through the shot process will allow the archer to keep his/her hips from moving as he coils
to setup and a she releases the string.

We have included three photos to illustrate this concept (Page2). Notice that Ki Bo Bae
(pictured in both images on the left) has her knees completely locked, while the knees of
the archer on the right are not quite straight, and almost bent.  The knees should be
completely locked and not relaxed.”

Now, as a coach, I have been teaching this since January, and I’ve noticed that for some athletes this locking mechanism allows them to stand comfortably in a positive way, coiling, and assume a stronger posture overall, and improve their performance and happiness.

I have also seen that this does not work for 100% of the athletes – in some unique situations going to a “neutral” knee position that is slightly short of “locked”  MAY be warranted.  But every archer should be given the opportunity to benefit from this knee position before you surrender it as a goal to the more perfect shot cycle.

And these photo examples were provided.  Note that this information was sent to each NTS coach.

kneelock

George’s Blog

GTIf you are not privvy to this blog of George Tekmitchov’s I am pleased to bring it to your attention.  Incidentally, George is a long-time engineer and designer of risers at Hoyt AND the “voice” of Olympic Archery for a number of Olympiads (but for not the Paralympics, unfortunately).  George has extraordinary insights in archery.     HIGHLY recommended.

How Do You Get To Carnegie Hall?

You practice, practice, practice…goes the old joke.  If all your archer does is practice flinging arrows, you’ll never get her to Carnegie Hall, though, because it takes more than just practice.

It is a fairly well-accepted rule that in order to be the best at “something”, you have to put in a lot of work, and a general rule of thumb popularized over the last few years is 10,000 hours.

That’s right, they say – Michael Phelps spent 10,000 hours swimming laps, Michael Jordan playing pickup on the neighborhood basketball courts for 10k hours .  There is a lot of evidence when you look at various successful olympic athletes, that something similar about “time invested” applies.  Another argument is that there really aren’t any “child prodigies” for sports, that the overnight sensations are usually people that labored (practiced) anonymously for years until they were discovered (or had honed their skills till they were “good enough”.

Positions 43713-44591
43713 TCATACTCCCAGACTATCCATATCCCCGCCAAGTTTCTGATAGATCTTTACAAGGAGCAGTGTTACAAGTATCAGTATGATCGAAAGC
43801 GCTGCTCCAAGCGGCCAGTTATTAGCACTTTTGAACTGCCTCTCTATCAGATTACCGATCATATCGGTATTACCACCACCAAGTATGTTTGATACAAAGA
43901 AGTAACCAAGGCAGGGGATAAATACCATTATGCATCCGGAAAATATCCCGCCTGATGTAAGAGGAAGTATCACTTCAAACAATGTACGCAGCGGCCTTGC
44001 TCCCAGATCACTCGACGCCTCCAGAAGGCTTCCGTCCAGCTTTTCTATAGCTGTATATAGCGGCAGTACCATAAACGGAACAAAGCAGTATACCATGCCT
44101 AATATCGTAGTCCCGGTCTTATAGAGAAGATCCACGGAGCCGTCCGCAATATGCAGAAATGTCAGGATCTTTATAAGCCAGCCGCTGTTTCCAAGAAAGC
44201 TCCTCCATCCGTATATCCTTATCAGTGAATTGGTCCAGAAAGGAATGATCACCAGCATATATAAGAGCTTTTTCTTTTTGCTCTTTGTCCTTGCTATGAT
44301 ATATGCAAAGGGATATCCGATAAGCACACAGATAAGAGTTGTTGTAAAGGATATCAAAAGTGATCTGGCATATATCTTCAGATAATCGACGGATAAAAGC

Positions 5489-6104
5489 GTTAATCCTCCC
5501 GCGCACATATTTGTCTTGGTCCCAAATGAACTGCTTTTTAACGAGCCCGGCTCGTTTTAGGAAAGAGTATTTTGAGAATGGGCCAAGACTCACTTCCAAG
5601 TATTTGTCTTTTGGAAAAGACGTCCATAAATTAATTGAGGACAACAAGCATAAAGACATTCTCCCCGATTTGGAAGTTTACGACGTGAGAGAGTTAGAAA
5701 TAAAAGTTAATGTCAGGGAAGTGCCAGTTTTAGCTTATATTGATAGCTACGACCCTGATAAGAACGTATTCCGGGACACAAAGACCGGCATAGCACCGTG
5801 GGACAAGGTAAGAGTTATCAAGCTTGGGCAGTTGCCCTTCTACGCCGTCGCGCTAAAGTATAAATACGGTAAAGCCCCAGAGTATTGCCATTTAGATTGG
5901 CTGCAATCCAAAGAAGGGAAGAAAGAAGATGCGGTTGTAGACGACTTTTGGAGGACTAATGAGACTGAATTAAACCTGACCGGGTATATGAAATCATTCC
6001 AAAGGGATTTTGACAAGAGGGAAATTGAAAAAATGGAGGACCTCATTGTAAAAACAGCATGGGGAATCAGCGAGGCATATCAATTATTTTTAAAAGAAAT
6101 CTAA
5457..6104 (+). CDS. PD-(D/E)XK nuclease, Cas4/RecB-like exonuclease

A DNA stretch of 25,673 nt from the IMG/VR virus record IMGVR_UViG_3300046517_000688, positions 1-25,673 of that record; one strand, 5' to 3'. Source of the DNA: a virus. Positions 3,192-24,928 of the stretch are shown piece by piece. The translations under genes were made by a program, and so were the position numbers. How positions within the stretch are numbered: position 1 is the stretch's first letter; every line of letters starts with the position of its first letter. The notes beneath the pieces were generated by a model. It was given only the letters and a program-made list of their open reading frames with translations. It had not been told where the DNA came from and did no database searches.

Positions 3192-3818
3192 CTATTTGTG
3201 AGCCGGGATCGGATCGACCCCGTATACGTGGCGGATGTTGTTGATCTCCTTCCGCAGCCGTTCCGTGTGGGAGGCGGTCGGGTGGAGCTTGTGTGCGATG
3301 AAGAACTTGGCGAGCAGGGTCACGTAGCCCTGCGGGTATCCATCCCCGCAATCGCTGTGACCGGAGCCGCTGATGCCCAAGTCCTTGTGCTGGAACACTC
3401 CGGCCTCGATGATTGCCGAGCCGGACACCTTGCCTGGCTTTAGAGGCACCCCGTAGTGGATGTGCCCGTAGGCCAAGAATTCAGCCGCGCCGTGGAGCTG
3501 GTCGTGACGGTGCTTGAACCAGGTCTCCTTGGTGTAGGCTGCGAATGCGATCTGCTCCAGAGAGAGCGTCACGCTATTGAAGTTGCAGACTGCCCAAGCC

I fell in love with this whole concept when I first was told about it during an olympic coaching seminar held for all sports disciplines in Colorado, and I took it to heart since it merged with what through personal experience I felt I already knew.  I also came home with the understanding that it is not merely “doing it everyday” instead of once every four years, but that it had to be purposeful practice.

This concept struck a deep chord, for I had unwittingly performed much this same concept in working with my athlete that ultimately medaled in Beijing. Coach Tom Parrish had told me as early as 2001 that Korean archers (then as now renowned as some of the world’s best) always practiced with a coach so that no bad habits were allowed to creep in.  Therefore, I had resolved to coach my daughter this same way.

For my archer, it was that nearly every arrow, of nearly every single practice day during more than 8 years of dedication, was done with me coaching – analyzing, assessing, judging, providing instant feedback and reinforcement.  The archer was incredibly adept at receiving the observations and adjusting continually.  I would guess this applied for 80% of her practice time – the rest of the time she diligently worked on her skills by herself, almost always with a set of particular element(s) to improve.   She rarely met the “4 to 6 hours per day” workload due to physical limitations.  However, when she was training she put 100% of herself into it, a higher commitment than most athletes can manage for such an extended time.  She was deeply invested in “purposeful practice”, and though I estimate she put in “only” 8,000 hours, it proved enough.  Which brings me to ….

Focus: The Hidden Driver of Excellence , by Daniel Goleman

This book confirms in many ways the need for the “whatever-the-heck-number-of-hours-you-can-get-out-of-your-athlete” are, to be purposeful, innovative, challenging, stimulating, non-boring, enjoyable, well….you get the idea.  I know it is a fact that in at least one medalist’s case, that if done with the right technique, you don’t need 10,000 hours and that is part of Goleman’s argument.  It can be done with far less, (as well as require far more) – the 10k rule makes the assumption that the individual actually has the core strength in all the elements that define “elite” to rise to the top step.  In reality few will, but I do believe the investment of hours will lead that athlete to be the best that she or he “can” be.

This book should be on your shelf, coach, with ample highlights, underlines, quotes identified, and with the understanding that like the other books in my bibliography up here, it’s both completely right and maybe all wrong.  Take the parts that work best for your coaching philosophy and own them.   If you are fortunate enough to encounter an athlete dedicated enough to attempt 10,000 hours of purposeful practice, you must be prepared to contribute your part to making those hours to be….purposeful enough, useful enough, effective enough, RIGHT enough, to enable that athlete to rise to his or her full potential.  Will it be on the medal stand?

Only the gods of sport will decide upon which head the laurel wreath will rest.